Mr. Speaker, I am pleased to participate in the debate on Bill C-24 which deals with some tweaking and fiddling the Liberal government is planning to do with regard to the GST and the HST.
As is typical with the government opposite these changes were actually announced in 1997. Finally it is getting around to exempting a few items from the GST. It is interesting that in the last few months, just before it brought in the bill, it added a few other items that will now be taxed at an increasing level which were not taxed before.
Overall the particular bill points out a credibility shortfall on the other side. It was mentioned by the previous speaker. The actions on the particular bill and on the GST by the Liberal government have eroded public confidence in elected officials.
Let me refer to some comments made by the current Prime Minister regarding the GST years ago. The bill before us is a fine tuning or a tweaking of certain aspects of how the GST and the HST are applied. It is amazing so many years after these election promises by the current Prime Minister and his government that we are still doing this dance with the GST.
In 1990 the current Prime Minister said that he was opposed to the GST, had always been opposed to it and will always be opposed to it. In 1992 the thinking was, according to the Deputy Prime Minister, that they wanted to get rid of the GST. On January 23, 1992, they said that there was no doubt they would replace it. Also the Prime Minister said that we would know they have replaced the GST when we see their budget. All the way through I have many quotes from the Prime Minister who said that it would be gone in two years, just before the election in 1993.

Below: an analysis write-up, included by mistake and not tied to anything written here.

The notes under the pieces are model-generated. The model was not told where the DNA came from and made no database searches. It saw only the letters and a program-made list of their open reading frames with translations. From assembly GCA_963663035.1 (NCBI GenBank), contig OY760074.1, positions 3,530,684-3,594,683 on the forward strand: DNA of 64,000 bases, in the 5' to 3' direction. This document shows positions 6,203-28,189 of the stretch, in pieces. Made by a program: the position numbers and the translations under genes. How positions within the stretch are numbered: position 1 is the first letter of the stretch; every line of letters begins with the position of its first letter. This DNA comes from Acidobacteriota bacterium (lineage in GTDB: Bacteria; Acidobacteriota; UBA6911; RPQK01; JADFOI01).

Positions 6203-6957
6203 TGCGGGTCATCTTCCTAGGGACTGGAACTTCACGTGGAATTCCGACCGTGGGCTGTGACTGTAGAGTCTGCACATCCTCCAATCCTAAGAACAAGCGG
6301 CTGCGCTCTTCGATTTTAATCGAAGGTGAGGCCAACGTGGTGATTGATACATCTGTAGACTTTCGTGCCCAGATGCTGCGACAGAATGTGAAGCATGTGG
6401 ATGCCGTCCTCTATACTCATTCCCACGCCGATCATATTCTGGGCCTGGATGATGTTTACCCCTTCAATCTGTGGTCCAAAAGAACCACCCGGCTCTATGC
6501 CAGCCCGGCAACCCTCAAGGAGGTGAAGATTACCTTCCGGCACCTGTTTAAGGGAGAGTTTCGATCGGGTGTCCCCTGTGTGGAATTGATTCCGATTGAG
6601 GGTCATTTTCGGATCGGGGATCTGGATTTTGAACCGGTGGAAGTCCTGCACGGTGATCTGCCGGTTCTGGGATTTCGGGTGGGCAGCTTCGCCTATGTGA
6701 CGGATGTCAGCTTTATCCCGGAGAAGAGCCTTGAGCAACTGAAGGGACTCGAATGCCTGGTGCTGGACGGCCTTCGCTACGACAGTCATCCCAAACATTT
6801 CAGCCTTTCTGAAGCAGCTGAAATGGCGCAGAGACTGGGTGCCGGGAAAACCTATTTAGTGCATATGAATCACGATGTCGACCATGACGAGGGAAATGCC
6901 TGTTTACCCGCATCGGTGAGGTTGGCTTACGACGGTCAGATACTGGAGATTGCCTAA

Here we are some seven years later and we are still looking at the GST. We had an election promise in the red book. Canadians were led to assume that they would not have the GST. They voted often on that basis. Many people may have voted a different way but had promises and guarantees from the leader of that party that the GST would be gone.
When that is the platform, when that is the promise, it is not unreasonable for Canadians to have the expectation that when the government comes in with a majority it will implement one of the key pillars of its platform. We can understand that may not be in the first year or the second year. Maybe there has to be some time to consider how to phase it in. For goodness' sake, we are seven years past those promises and there has not been one real movement dealing with the GST. We expected to see some results from that election promise.
It is not surprising that Canadians feel overburdened by taxes from the government. It throws lots of optics around some small tax relief. On the other hand it is taking more and more out of our pockets.
The GST is a good example. I met with the mayor of the city of Calgary who told me that out of all the services Calgary gets from the federal government and all the money it sends to Ottawa there is a net outflow every year to Ottawa from Calgary of $4 billion.